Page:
(REUTERS) -- Stock index futures fell on Wednesday after minutes of the Federal Reserve's March meeting released on Tuesday showed policymakers were less inclined to provide more economic stimulus, curbing investors' appetite for risky assets.
Supportive policies by the central bank have been a primary catalyst for the S&P 500's surge of 30 percent since October, even though improving economic conditions have also played a part in the rally. On Tuesday, the S&P 500 retreated from four-year highs following the release of the Fed meeting minutes. Still, the index is up 12.4 percent for the year.
The Fed minutes, which claimed markets were robust, have cast doubts on never-ending easing, said Sal Arnuk, co-head of trading at Themis Trading in Chatham, New Jersey.
In a light volume day like today, the market is highly correlated so we have to look at everything, from the European market to euro to euro-U.S. dollar, the bond auctions.
Economic data will be in the spotlight with the ADP National Employment Report due at 8:15 a.m. ET. The data will give further clues on the state of the employment market ahead of the Labor Department's non-farm payrolls report on Friday. U.S. ISM non-manufacturing sector data will be released at 10:00 a.m. ET.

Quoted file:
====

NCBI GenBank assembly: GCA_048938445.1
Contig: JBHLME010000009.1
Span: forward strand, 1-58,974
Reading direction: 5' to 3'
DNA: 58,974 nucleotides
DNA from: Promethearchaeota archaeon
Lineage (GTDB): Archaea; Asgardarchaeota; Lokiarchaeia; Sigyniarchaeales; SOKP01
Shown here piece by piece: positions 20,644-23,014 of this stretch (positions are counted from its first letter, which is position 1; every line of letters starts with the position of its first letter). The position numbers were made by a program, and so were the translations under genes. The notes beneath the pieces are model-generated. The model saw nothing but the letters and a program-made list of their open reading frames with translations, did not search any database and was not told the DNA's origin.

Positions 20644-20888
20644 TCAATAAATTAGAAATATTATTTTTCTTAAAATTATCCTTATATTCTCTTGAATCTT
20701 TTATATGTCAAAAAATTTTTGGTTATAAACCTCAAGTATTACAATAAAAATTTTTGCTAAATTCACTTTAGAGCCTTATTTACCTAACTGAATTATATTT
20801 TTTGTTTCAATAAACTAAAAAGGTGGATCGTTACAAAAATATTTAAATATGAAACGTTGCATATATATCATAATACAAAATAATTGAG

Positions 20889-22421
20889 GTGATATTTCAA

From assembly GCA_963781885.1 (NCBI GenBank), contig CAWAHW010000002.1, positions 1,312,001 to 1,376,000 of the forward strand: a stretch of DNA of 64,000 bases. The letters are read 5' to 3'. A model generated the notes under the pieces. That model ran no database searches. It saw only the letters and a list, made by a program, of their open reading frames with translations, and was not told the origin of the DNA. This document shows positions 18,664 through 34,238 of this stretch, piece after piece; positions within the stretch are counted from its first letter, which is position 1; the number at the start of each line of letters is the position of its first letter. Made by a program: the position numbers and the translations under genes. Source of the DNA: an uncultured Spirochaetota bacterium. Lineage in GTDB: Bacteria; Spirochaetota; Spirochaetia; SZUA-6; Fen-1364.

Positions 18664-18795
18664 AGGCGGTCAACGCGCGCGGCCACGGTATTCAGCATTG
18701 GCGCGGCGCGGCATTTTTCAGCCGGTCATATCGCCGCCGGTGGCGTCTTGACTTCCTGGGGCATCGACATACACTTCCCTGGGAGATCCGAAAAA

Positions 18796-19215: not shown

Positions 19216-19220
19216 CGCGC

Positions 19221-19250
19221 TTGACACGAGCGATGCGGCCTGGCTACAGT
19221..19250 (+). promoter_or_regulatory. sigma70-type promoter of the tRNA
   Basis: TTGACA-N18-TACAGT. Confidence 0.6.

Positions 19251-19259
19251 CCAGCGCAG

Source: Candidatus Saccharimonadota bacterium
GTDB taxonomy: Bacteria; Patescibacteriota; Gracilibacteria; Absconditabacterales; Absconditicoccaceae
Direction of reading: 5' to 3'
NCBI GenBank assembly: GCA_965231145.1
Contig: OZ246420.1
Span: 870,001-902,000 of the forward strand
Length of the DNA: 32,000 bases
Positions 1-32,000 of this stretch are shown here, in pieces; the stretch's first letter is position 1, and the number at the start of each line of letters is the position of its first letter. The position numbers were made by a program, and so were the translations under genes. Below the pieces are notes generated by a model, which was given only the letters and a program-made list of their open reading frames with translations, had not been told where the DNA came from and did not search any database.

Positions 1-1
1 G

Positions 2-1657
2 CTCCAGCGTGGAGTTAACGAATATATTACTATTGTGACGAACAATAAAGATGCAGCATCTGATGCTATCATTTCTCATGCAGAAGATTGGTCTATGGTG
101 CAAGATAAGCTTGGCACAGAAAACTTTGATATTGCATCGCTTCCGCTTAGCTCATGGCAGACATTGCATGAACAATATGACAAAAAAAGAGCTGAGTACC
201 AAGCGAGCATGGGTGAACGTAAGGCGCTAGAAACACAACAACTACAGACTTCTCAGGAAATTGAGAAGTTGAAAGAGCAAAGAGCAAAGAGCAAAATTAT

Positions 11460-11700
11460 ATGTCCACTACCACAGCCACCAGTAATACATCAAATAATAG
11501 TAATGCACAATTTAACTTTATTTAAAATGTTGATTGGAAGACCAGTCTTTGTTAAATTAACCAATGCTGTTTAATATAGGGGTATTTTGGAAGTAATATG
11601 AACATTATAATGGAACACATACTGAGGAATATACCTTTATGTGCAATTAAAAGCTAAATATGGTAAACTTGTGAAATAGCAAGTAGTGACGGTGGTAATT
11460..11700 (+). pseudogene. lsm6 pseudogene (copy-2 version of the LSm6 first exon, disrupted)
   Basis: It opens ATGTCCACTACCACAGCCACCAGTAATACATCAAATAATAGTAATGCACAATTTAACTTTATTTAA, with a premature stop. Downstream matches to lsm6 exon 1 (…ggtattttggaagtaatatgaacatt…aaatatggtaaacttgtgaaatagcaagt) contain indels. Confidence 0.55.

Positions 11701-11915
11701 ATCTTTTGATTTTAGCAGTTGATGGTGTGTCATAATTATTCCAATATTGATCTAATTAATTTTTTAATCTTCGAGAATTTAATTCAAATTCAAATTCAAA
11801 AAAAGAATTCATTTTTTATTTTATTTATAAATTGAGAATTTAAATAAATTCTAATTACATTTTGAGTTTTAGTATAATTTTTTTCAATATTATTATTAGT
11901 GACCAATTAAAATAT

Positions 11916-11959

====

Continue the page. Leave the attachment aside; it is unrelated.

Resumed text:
Moody's has downgraded the ratings of conglomerate General Electric Co. and its finance unit General Electric Capital each by a notch, saying there were material risks associated with its funding model. The stock is down 1.5 percent at $19.66 in premarket trade.
Oil prices dipped near $123 a barrel on Wednesday on worries demand for crude could be curtailed after the U.S. central bank dashed hopes of further economic stimulus and news Saudi Arabia would likely keep output high in the event of a stock release.
S&P 500 futures fell 11 points and were below fair value, a formula that evaluates pricing by taking into account interest rates, dividends and time to expiration on the contract. Dow Jones industrial average futures lost 101 points, and Nasdaq 100 futures fell 20.50 points.
Justice Holdings, the London-listed investment firm, will pay about $1.4 billion in cash to buy a 29 percent stake in Burger King from its owner private equity group 3G Capital Management LLC, in a move which will see the hamburger chain go public again.
A Brazilian federal prosecutor has launched his second 20 billion real ($10.9 billion) lawsuit against U.S. oil company Chevron and driller Transocean , in relation to an oil leak discovered on March 4 in a field northeast of Rio de Janeiro.
A federal judge has rejected Bank of New York Mellon Corp.'s bid to dismiss a lawsuit by bondholders who invested in 26 trusts alleged to have contained risky mortgage loans from the former Countrywide Financial Corp.
The world's largest online coupon website Groupon Inc. is being sued by a shareholder for misleading investors about its financial results and concealing weak internal controls.
(Reporting By Angela Moon; Editing by Chizu Nomiyama)